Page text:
The total number of military personnel is approximately 359,000. However, 100,000 of these are in the Gendarmerie, and thus a vast majority of these 100,000 are used in everyday law enforcement operations inside France and are not fit for external operations. Elements of the Gendarmerie are however present in all French external operations, providing troops specialised in law enforcement and military policing.

Previously, France relied a great deal on conscription to provide manpower for its military, with only a minority of career soldiers. Following the Algerian War of Independence, the use of non-volunteer draftees in foreign operations was ended; if their unit was called up for duty in war zones, draftees were offered the choice between requesting a transfer to another unit or volunteering for the mission. In 1996, President Jacques Chirac's government announced the end of conscription; in 2001, conscription was ended. However, young people must still register for possible conscription should the situation call for it, with the change that now females must register as well.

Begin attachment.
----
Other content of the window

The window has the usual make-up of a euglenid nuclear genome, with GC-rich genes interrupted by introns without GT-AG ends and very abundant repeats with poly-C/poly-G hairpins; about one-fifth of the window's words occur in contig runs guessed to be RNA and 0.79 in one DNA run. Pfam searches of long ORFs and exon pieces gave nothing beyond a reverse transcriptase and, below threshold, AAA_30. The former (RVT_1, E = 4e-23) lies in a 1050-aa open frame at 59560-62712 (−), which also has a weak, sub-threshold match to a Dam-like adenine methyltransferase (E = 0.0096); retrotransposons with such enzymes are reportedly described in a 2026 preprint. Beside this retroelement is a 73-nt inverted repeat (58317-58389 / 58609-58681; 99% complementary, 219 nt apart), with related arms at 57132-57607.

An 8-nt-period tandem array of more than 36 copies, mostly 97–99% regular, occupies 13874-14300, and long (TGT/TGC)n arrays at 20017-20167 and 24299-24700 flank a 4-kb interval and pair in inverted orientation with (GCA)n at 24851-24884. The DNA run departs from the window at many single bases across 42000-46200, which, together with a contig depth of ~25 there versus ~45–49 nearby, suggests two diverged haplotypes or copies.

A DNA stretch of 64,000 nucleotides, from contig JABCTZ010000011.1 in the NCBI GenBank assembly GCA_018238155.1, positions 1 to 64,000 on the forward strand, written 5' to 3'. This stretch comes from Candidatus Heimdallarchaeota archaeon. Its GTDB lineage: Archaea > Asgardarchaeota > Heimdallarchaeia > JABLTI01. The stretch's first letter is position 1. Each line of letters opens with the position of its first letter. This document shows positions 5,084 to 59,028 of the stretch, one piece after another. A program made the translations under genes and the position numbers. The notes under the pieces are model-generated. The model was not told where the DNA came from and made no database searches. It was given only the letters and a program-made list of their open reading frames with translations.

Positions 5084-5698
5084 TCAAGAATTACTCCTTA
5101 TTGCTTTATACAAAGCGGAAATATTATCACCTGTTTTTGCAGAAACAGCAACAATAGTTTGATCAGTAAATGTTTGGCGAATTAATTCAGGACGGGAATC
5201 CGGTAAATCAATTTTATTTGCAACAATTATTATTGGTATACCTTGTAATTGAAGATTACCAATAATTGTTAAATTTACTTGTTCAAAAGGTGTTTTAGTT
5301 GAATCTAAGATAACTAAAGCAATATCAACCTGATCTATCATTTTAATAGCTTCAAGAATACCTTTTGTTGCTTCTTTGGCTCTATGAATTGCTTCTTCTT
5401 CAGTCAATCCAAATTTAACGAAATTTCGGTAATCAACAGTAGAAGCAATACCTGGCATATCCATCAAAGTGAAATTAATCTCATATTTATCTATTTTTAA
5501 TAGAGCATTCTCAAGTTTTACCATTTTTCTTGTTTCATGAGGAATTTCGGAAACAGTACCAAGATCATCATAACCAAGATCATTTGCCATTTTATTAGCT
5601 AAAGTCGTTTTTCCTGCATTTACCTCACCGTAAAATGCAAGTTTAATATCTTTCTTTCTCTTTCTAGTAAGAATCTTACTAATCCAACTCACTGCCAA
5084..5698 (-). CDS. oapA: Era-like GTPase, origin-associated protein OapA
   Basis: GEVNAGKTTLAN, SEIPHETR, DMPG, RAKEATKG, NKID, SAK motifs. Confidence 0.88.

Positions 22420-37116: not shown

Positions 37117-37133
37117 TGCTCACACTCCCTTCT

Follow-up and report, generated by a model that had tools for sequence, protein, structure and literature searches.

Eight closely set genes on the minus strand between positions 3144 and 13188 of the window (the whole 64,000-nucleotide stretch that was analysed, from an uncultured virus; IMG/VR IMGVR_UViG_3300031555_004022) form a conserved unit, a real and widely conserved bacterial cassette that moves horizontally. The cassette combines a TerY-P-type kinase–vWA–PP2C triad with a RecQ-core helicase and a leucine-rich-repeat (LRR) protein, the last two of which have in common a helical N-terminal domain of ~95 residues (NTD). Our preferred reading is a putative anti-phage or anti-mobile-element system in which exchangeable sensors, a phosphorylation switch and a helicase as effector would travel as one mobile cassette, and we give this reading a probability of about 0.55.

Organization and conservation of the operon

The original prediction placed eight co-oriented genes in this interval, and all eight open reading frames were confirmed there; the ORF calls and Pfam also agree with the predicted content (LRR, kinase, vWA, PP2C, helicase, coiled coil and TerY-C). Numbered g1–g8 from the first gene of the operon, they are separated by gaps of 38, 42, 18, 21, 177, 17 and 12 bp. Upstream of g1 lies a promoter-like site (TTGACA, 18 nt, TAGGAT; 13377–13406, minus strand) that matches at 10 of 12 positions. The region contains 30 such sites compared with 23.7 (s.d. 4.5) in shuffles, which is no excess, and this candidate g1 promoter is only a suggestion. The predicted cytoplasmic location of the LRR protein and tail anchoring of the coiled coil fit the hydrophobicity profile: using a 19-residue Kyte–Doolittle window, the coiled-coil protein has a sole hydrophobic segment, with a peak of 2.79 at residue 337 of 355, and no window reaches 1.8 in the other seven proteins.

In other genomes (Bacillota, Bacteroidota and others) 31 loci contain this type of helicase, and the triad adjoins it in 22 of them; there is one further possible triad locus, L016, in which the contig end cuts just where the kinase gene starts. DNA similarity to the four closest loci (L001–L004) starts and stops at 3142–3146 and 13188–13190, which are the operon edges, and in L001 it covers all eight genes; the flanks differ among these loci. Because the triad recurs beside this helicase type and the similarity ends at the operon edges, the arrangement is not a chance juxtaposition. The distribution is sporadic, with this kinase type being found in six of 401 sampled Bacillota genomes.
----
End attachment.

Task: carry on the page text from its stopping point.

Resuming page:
[edit] International stance

French Military
Military manpower
Military age 17 years of age with consent for voluntary military service (2001)
Availability males age 15–49: 13,676,509 (2005 est.)
Fit for military service males age 15–49: 11,262,661 (2005 est.)
Reaching military age annually males: 389,204 (2005 est.)
Active troops 259,050 (ranked 20th)
Military expenditures
Amount €44 billion (2006)
Percent of GDP 2.6% (2005)

French military doctrine is based on the concepts of national independence, nuclear deterrence (see Force de frappe), and military sufficiency. France is a charter member of the North Atlantic Treaty Organisation (NATO), and has worked actively with Allies to adapt NATO—internally and externally—to the post-Cold War environment. In December 1995, France announced that it would increase its participation in NATO's military wing, including the Military Committee (the French withdrew from NATO's military bodies in 1966 while remaining full participants in the alliance's political councils). France remains a firm supporter of the Organisation for Security and Co-operation in Europe and other efforts at cooperation. Paris hosted the May 1997 NATO-Russia Summit for the signing of the Founding Act on Mutual Relations, Cooperation and Security.